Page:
Published by Oxford University Press, 1998
Paperback. Condition: Good. 1St Edition. Ships in a BOX from Central Missouri! May not include working access code. Will not include dust jacket. Has used sticker(s) and some writing or highlighting. UPS shipping for most packages, (Priority Mail for AK/HI/APO/PO Boxes).
Published by Granta Books, 2003
Paperback. Condition: New. 1st. Paperback. Just two weeks after completing Crime and Punishment, Dostoevsky produced a second novel with a very different man at its centre. In The Idiot, the saintly Prince Myshkin returns to Russia.Shipping may be from multiple locations in the US or from the UK, depending on stock availability. 640 pages. 0.500.
Published by Vintage Books, New York, 2003
Paperback. Condition: New. 633pp. Octavo [20.5cm]; black and white illustrated wraps. Richard Pevear and Larissa Volokhonsky's masterful translation of The Idiot is destined to stand with their versions of Crime and Punishment, The Brothers Karamazov , and Demons as the definitive Dostoevsky in English. After his great portrayal of a guilty man in Crime and Punishment , Dostoevsky set out in The Idiot to portray a man of pure innocence. The twenty-six-year-old Prince Myshkin, following a stay of several years in a Swiss sanatorium, returns to Russia to collect an inheritance and "be among people." Even before he reaches home he meets the dark Rogozhin, a rich merchant's son whose obsession with the beautiful Nastasya Filippovna eventually draws all three of them into a tragic denouement. In Petersburg the prince finds himself a stranger in a society obsessed with money, power, and manipulation. Scandal escalates to murder as Dostoevsky traces the surprising effect of this "positively beautiful man" on the people around him, leading to a final scene that is one of the most powerful in all of world literature. -- from publisher. First Vintage Classics Edition; later printing.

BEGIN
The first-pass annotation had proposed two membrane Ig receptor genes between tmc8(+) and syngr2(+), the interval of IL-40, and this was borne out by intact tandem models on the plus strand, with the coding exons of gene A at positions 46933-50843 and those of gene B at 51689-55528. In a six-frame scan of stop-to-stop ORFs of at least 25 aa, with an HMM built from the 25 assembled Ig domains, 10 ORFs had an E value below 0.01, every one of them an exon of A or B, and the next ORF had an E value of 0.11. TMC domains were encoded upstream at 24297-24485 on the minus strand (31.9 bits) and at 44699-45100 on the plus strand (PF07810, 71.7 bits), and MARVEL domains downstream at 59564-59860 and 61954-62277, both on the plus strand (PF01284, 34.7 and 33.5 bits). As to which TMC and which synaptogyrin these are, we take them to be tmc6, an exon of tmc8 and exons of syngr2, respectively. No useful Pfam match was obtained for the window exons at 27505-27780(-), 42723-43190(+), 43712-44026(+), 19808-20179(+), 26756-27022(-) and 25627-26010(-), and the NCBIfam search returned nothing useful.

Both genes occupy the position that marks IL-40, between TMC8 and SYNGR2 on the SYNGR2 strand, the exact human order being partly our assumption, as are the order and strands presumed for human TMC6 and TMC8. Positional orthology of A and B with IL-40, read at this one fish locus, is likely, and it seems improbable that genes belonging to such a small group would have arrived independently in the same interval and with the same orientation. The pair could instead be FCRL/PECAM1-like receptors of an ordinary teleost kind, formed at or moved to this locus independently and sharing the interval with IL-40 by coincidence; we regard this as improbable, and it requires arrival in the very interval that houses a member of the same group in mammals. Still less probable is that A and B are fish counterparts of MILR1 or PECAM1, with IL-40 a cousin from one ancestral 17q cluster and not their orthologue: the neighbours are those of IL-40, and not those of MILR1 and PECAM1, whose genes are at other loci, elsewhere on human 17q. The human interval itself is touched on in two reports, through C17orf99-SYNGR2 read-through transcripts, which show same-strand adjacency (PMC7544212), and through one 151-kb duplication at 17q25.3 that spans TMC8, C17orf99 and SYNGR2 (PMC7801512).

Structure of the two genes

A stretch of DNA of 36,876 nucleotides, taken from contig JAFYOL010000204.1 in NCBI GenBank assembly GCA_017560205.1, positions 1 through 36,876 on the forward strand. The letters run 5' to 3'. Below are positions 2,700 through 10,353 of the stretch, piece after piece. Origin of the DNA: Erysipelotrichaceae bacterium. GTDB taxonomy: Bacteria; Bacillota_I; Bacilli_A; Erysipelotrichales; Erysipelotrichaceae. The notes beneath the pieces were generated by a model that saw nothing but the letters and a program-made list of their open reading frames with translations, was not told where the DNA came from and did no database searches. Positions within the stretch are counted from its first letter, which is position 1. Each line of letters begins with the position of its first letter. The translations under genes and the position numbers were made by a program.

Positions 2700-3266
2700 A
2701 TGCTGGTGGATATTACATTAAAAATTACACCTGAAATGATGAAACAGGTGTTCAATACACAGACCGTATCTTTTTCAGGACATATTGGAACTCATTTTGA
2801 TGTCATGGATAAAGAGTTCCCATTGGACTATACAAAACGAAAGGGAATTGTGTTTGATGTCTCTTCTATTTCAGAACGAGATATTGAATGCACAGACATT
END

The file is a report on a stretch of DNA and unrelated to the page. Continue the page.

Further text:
Published by The University of Chicago Press, Chicago, 1967
Hardcover. Condition: Very Good +. Dust Jacket Condition: Very Good +. 1st Edition. First edition, hardcover, has extremely slight skew to spine, a very faint hint of sunning to spine and boards, and a tiny, light stain to base of text block, otherwise a sharp, clean VG+ copy in like dust jacket which has very slight bumps to corners, very slight wear to edges and folds, very faint sunning to spine, and some very slight rubbing.
Published by Granta Books, 2003
Paperback. Condition: New. 1st. Paperback. Just two weeks after completing Crime and Punishment, Dostoevsky produced a second novel with a very different man at its centre. In The Idiot, the saintly Prince Myshkin retu.Shipping may be from our Sydney, NSW warehouse or from our UK or US warehouse, depending on stock availability. 640 pages. 0.500.
Published by Heritage Press, Connecticut, 1984
Hardcover. First Edition; First Printing. Fine in a Fine dust jacket. Illustrations by Fritz Eichenberg.
Published by Easton Press, Norwalk, CA, 1984